Positioning of the patient for the irradiation with the new hybrid radiotherapy device MR-Linac | Photo: Heidelberg University Hospital
New hybrid radiotherapy device MR-Linac | Photo: Heidelberg University Hospital
Two become one: For the first time in Europe, Heidelberg implemented an “MR-Linac”, a new combination radiotherapy device which enables precise tumor imaging during radiation. Using this magnetic resonance imaging (MRI) guided radiation the first treated patient’s abdominal metastases could be targeted, while sparing surrounding organs like the intestines. Thus, the Heidelberg MRgRT Consortium, a collaboration between Heidelberg University Hospital and the German Cancer Research Center (DKFZ), has achieved further success in innovative radiotherapy methods.
Hybrid Devices - two-fold benefits for patients
For radiotherapy to be successful, the position and extent of tumor must be accurately determined so that radiation can be directed precisely on the tumor. To this point, x-rays have been used to check tumor position immediately before the start of radiation. The MR-Linac device offers several major advantages:
Magnetic resonance imaging (MRI) does not cause extra radiation exposure for patients and can be safely repeated. Daily imaging data can be retrieved, so therapy can be directly adjusted on the day of treatment. The MR-Linac captures, for example, altered tumor position or significant shrinkage of the cancer during therapy. This technique reduces potential side effects of radiotherapy. MRI is also better than x-ray at distinguishing tumor from healthy tissue and offers better visualization within the tumor. Even tumors that are poorly or not at all differentiated from surrounding tissues with x-ray and have been typically identified using bony structures can now be observed with the MR-Linac throughout therapy.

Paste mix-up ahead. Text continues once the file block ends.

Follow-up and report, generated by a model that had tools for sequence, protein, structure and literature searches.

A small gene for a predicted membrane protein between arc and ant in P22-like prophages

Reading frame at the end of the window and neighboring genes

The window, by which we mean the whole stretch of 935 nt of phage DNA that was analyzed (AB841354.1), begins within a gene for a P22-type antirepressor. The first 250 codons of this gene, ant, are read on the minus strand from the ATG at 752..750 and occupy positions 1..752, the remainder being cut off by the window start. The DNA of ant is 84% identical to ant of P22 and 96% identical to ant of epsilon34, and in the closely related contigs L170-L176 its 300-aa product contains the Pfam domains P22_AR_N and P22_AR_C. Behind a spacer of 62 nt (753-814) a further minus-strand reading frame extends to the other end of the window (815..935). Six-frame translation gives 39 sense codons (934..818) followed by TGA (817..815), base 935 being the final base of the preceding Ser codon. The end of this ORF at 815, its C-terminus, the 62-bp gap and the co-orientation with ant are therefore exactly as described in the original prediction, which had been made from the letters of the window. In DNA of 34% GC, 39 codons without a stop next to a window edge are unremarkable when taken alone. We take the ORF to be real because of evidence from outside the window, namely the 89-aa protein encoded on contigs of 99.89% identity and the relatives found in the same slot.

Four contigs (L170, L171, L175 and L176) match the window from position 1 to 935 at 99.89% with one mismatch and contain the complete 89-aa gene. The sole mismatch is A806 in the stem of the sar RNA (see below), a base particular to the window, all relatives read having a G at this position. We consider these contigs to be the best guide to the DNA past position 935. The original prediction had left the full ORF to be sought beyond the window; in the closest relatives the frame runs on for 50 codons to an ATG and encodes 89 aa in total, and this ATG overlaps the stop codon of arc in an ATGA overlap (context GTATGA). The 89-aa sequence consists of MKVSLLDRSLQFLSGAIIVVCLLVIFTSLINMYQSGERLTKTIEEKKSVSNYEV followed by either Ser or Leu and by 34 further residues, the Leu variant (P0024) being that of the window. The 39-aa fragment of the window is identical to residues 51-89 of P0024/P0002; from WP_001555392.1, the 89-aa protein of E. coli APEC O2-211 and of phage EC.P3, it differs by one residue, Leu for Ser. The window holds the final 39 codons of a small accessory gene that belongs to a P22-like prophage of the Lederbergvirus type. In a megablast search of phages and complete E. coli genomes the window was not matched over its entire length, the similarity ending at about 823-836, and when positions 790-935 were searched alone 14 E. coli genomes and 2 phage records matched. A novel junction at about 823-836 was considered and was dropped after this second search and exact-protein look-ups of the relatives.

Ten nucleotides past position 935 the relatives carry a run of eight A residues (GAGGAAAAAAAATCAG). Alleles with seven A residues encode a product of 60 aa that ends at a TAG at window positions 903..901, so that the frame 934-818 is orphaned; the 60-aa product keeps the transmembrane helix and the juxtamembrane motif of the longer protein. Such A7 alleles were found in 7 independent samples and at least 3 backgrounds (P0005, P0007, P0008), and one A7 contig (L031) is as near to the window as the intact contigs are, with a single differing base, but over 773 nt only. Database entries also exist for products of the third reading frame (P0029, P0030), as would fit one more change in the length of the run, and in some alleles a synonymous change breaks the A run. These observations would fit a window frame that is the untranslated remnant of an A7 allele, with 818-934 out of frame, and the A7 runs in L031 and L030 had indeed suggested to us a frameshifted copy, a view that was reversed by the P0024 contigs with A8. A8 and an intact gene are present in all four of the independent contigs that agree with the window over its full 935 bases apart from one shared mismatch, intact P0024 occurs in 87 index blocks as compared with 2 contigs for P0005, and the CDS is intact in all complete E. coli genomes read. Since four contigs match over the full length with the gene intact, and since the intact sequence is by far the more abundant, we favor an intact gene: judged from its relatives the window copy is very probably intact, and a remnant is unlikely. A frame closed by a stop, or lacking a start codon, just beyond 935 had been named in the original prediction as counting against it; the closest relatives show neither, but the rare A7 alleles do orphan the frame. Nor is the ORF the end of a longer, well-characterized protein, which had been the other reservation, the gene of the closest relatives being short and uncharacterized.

Heidelberg: the world’s only center offering all high-precision radiation techniques
Prof Dr. Dr. Jürgen Debus, Medical Director of the Department of Radio-oncology and Radiotherapy at Heidelberg University Hospital and Director of the National Center for Tumor Diseases (NCT) is convinced, “Hybrid devices for MR-guided radiotherapy promise significant advancement in image-based radiation. We expect that the ability to adjust radiotherapy for mobile tumors in real-time will yield better treatment results for many patients.” The research necessary to realize the full potential of this new method with clinical implementation has already begun. Heidelberg is the only center worldwide that can offer patients the entire spectrum of high-precision radiotherapy techniques - including ion beam radiation - and this greatly simplifies comparative studies.